3. Veronica

    I LOVE capris. They’re my go to when I don’t feel like wearing a dress. I lean more towards the comfy side of them. My shoes are whatever will work for the day’s activities. Usually it is sandals and they either coordinate with the capri or my skintone just depends on my mood.:) I love the look of slimmer capris too, dressing them up is fun. Thanks for another great post Sally.:) Your advice is always so helpful and thoughtful.

  4. Ruth Slavid

    I love the stuff about definitons. A few years ago I became obsessed with the different names for trousers. so many. I love ‘clam diggers’ but also plus fours, plus twos, palazzo pants, cargos, Bermudas, Oxford bags etc. etc.

  5. Vancouver Barbara

    Hey Sally – great post. I’d like to know the differences and the names for all the cropped pants. I’m thinking “pedal-pushers” and pants that stop just above the ankles. I think there are a few other levels in between. I’d like to nail the concepts.

    • Vancouver Barbara

      One more thing – names for the skinnies as well as wide legged pants. All the names and lengths. Hey and why not go all the way for the pants that drag on the ground???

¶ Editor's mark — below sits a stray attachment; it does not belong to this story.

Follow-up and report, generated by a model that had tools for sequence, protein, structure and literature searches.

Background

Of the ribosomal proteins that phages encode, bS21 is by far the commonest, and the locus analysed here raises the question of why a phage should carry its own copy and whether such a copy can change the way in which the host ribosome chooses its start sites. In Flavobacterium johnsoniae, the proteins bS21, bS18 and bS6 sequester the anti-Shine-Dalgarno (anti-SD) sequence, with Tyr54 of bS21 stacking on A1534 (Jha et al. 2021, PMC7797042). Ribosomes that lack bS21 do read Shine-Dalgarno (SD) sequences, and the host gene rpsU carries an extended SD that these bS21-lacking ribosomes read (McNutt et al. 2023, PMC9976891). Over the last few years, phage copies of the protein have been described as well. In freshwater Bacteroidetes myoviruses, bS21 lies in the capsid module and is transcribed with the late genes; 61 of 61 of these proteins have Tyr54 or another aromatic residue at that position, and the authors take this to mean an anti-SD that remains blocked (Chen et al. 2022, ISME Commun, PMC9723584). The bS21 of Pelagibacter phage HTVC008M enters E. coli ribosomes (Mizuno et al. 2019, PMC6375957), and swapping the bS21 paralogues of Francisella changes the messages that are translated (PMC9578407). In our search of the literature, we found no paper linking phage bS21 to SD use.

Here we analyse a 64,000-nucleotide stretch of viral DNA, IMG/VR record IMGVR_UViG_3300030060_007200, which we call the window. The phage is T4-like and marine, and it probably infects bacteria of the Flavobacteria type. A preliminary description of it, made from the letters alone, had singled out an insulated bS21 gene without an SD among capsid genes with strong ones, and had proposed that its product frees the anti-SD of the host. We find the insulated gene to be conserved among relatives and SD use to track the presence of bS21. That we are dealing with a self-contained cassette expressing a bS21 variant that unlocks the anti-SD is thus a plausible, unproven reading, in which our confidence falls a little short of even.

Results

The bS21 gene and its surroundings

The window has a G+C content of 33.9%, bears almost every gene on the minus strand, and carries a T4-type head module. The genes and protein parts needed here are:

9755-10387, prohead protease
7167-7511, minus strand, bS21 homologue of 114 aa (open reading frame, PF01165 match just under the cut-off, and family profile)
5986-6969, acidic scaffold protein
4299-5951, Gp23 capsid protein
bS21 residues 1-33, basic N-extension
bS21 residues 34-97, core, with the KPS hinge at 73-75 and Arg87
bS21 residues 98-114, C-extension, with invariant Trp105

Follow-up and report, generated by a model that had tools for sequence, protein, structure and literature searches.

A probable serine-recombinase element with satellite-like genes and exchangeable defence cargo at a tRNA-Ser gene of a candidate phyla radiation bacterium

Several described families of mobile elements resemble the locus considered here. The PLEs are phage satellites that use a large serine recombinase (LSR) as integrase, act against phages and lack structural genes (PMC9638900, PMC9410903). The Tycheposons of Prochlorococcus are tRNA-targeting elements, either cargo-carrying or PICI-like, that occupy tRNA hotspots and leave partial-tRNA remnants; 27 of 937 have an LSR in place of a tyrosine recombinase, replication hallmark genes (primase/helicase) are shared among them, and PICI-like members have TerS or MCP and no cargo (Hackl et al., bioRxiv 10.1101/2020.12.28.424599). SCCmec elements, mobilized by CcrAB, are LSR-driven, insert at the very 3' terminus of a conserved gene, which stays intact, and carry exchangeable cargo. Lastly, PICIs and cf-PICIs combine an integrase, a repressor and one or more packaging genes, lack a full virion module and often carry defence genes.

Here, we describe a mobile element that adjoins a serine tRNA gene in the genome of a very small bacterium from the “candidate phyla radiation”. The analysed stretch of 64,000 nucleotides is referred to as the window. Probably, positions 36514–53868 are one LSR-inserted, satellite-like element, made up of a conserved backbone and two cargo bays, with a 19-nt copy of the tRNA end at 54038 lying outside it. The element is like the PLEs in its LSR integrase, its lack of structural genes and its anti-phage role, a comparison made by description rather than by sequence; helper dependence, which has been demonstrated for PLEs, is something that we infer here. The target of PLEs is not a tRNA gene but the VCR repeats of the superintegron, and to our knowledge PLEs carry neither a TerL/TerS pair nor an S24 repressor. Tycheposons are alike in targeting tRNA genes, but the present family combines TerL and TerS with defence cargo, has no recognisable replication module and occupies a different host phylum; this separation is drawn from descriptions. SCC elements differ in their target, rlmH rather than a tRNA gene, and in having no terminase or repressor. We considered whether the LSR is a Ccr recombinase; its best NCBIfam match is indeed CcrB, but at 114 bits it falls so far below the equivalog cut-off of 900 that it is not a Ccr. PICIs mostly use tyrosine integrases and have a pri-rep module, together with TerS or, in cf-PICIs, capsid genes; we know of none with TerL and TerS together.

6. crtfly


    I always appreciate your advice so thank you for your efforts. For the women who do wear capris, I think the information will be helpful. However, I don’t like capris on anyone. I can’t get past my perception that they are too-short-full-length-pants. They look like a mistake rather than an intentional garment. Pants that are above the knees, shorts, look intentional. And if keeping cool while not looking extremely casual is the issue, there are some refined looking shorts these days.

  7. Shawna McComber

    I like the skinnier capris but I only have a couple of the wider legged type at the moment. I consider them a very casual item and although I don’t have leg lengthening concerns I still don’t think they are the most flattering thing I could wear. Sometimes I just don’t care though. When narrow legged capris are available in a higher rise I’ll snap some up. For now they have all been too low rise for me. Also I usually find the narrow capris are often a heavier fabric and so I wear the cotton wider legged ones for the sake of cool comfort. I’d pair them with sport sandals and a tee shirt and wear them to walk on the beach.

  8. Jo Walker

    I LOVE capris and ankle pants. I tend to wear slimmer, dressier capris with heels with a low vamp, or a heeled/wedge sandal that is in the same color family with my skin tone. Ankle pants with flats.

  9. SDawsonH

    Thanks Sally! I really like when you do these types of posts; they are very informational/educational. Sara